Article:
If it’s Sunday morning, rest assured I’m taping At Issue. This week, DFL Party Chair Ken Martin was asked about the DFL filing a complaint with the Campaign Finance Disclosure Board. The DFL filed this nuisance complaint in an attempt to deflect complaints about 13 DFL senators willfully breaking campaign finance laws by coordinating their ad campaigns with outside groups.

Allegedly, the GOP spent some money but didn’t report spending the money in the right place on the report. At best, the GOP might’ve committed a minor infraction. What the DFL did was painfully illegal:

On Tuesday the Board levied the fine against the DFL after it was discovered that 13 DFL candidates coordinated their campaigns illegally, since properly reclassifying the expenditures means that the candidates illegally exceeded their campaign contribution and/or spending limits. A total of over $300,000 in illegal contributions were not reported by the campaigns.. The board also plans to fine each individual campaign directly, according to a press release from the Minnesota Republican Party.

These 13 DFL senators broke one of the most straightforward campaign finance laws on the books. I knew that candidates couldn’t coordinate their advertising campaigns with special interests’ ad campaigns. That law’s been on the books since the Nixon/Watergate era.

Putting this most succinctly, these DFL senate candidates wanted to win their races so badly that they didn’t hesitate in breaking Minnesota’s campaign finance laws. It isn’t a stretch to think that Alida Messinger would’ve been willing to write the check for the fines in exchange for a DFL-controlled state government.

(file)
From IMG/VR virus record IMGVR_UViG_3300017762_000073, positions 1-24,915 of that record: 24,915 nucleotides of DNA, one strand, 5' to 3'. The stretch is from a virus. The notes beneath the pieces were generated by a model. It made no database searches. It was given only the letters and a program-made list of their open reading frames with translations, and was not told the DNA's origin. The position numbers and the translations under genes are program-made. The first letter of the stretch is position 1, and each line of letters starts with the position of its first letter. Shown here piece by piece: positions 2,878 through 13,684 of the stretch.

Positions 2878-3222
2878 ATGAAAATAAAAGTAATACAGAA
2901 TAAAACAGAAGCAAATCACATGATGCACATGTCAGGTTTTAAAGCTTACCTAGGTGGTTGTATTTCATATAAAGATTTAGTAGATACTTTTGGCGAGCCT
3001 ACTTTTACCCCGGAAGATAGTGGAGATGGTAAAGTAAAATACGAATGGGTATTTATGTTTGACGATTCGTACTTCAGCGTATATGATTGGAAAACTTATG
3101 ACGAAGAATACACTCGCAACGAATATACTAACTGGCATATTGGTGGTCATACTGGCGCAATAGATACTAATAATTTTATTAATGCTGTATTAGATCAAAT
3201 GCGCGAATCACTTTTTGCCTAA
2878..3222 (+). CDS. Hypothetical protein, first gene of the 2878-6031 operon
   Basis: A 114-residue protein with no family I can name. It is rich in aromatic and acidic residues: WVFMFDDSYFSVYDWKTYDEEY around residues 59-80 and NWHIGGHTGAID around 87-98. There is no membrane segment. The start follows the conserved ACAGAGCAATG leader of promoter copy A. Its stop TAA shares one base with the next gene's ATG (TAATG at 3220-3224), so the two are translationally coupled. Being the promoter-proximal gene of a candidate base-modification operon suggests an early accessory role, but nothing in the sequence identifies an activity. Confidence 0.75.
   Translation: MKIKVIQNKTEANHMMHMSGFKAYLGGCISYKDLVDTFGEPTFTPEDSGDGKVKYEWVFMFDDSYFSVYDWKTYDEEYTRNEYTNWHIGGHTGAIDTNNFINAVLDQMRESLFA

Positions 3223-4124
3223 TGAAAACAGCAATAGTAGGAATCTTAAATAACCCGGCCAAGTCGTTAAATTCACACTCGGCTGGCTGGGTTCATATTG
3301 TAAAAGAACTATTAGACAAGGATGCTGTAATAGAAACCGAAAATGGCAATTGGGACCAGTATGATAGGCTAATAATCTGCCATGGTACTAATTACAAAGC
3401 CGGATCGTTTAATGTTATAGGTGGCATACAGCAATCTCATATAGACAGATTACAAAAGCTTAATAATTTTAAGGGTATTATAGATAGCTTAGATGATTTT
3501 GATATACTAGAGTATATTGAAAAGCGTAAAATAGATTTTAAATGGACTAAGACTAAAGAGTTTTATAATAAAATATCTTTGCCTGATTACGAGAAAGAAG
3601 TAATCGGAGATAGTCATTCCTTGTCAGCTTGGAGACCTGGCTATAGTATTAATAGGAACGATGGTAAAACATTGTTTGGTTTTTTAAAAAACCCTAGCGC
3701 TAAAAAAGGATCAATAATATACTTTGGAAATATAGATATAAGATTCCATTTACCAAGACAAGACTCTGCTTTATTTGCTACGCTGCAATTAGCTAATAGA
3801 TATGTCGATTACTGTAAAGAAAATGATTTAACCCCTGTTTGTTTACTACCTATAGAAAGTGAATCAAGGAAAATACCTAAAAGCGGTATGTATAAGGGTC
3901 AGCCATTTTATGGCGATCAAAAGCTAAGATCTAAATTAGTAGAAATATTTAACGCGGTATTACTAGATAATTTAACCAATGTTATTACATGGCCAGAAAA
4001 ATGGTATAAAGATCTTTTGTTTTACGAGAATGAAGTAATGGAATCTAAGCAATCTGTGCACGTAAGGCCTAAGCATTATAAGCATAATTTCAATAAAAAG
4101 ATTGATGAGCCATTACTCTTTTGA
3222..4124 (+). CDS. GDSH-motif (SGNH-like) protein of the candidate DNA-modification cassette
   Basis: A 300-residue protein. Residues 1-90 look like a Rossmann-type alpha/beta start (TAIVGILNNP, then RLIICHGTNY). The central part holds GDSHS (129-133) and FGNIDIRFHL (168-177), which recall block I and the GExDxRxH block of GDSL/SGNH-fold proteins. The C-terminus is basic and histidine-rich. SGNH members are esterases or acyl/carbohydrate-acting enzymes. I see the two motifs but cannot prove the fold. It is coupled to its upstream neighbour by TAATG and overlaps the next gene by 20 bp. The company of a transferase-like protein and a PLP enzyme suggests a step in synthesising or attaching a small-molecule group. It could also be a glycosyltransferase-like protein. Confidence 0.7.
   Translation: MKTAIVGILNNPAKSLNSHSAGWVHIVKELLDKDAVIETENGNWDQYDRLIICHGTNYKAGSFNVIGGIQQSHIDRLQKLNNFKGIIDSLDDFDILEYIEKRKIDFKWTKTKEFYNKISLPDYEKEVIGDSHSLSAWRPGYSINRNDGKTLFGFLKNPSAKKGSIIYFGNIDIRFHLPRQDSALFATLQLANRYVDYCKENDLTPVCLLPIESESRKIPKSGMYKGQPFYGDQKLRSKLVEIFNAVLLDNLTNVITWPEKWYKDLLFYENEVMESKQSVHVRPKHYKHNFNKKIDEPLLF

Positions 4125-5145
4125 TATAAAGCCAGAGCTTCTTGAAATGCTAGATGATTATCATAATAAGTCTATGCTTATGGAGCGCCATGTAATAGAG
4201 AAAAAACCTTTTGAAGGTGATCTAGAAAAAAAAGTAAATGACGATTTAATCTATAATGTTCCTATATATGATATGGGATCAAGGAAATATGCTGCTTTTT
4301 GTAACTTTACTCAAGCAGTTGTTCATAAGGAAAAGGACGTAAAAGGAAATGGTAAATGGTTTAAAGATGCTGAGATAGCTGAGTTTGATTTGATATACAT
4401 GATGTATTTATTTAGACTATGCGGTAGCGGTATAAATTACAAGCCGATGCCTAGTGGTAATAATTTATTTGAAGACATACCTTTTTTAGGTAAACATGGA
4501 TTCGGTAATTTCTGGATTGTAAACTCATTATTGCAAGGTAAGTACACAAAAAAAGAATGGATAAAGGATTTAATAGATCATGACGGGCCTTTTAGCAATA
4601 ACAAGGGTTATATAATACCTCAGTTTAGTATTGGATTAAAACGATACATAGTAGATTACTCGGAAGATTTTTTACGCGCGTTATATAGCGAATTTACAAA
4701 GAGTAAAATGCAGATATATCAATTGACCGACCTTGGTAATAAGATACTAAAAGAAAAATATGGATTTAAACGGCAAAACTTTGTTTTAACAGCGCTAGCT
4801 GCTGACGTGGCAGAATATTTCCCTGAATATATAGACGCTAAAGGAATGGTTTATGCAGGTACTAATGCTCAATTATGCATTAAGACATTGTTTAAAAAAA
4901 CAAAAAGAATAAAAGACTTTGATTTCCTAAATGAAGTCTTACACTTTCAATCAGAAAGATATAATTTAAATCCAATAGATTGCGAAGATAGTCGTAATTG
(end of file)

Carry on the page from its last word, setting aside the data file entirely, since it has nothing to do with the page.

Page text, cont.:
DFL lawmakers disagreed with the board’s ruling said that they are glad to put the matter to rest.

“Ultimately, it is best to set this distraction aside and allow our members to focus on governing,” DFL Party Chairman Ken Martin said.

It’s infuriating to hear Martin dismiss breaking one of Minnesota’s biggest campaign finance laws by essentially calling it a “distraction.” Then again, it shouldn’t surprise people, especially considering the fact that Martin played a major role in the biggest smear campaigns in Minnesota gubernatorial history. Let’s remember that Martin was an official with the Alliance for a Better Minnesota:

Martin is currently the director of “Win Minnesota“. If you read this blog, you know who they are: they are a PAC that launders the Dayton family’s political contributions to “Alliance For A Better Minnesota” and the “2010 Fund” and the other arms of the Dayton Campaign’s tightly-wound little money-laundering and distribution machine.

ABM was criticized by local reporters and national organizations for their lies. Martin was part of that. Now he’s running the DFL, where he’s dismissing outright cheating as a distraction.

Finally, Martin’s statement that we shouldn’t be ‘distracted’ by their cheating because they’ve got to govern is silly. Thus far, the DFL’s governance has been a disaster. Their tax increases hurt the middle class more than they hurt “the rich.” Their implementation of MNsure has been a total disaster. Gov. Dayton has made statements that question whether he knows what’s happening within his administration.

It’s time for Minnesota to head in a different direction.

2 Responses to “Ken Martin’s distraction”

  • Chad Q says:

    While I believe as you do that the DFL’s governance has been a complete disaster, I also believe they (DFL) will retain both houses and the Governor’s mansion in 2014 because most people just don’t care anymore and want the government to be there caretaker. I really hope I am wrong but it is not looking good.

  • Gary Gross says:

    I’m confident that you’re wrong. At minimum, the MNGOP will retake the House. I’m prepared to bet a hefty sum of money on that.

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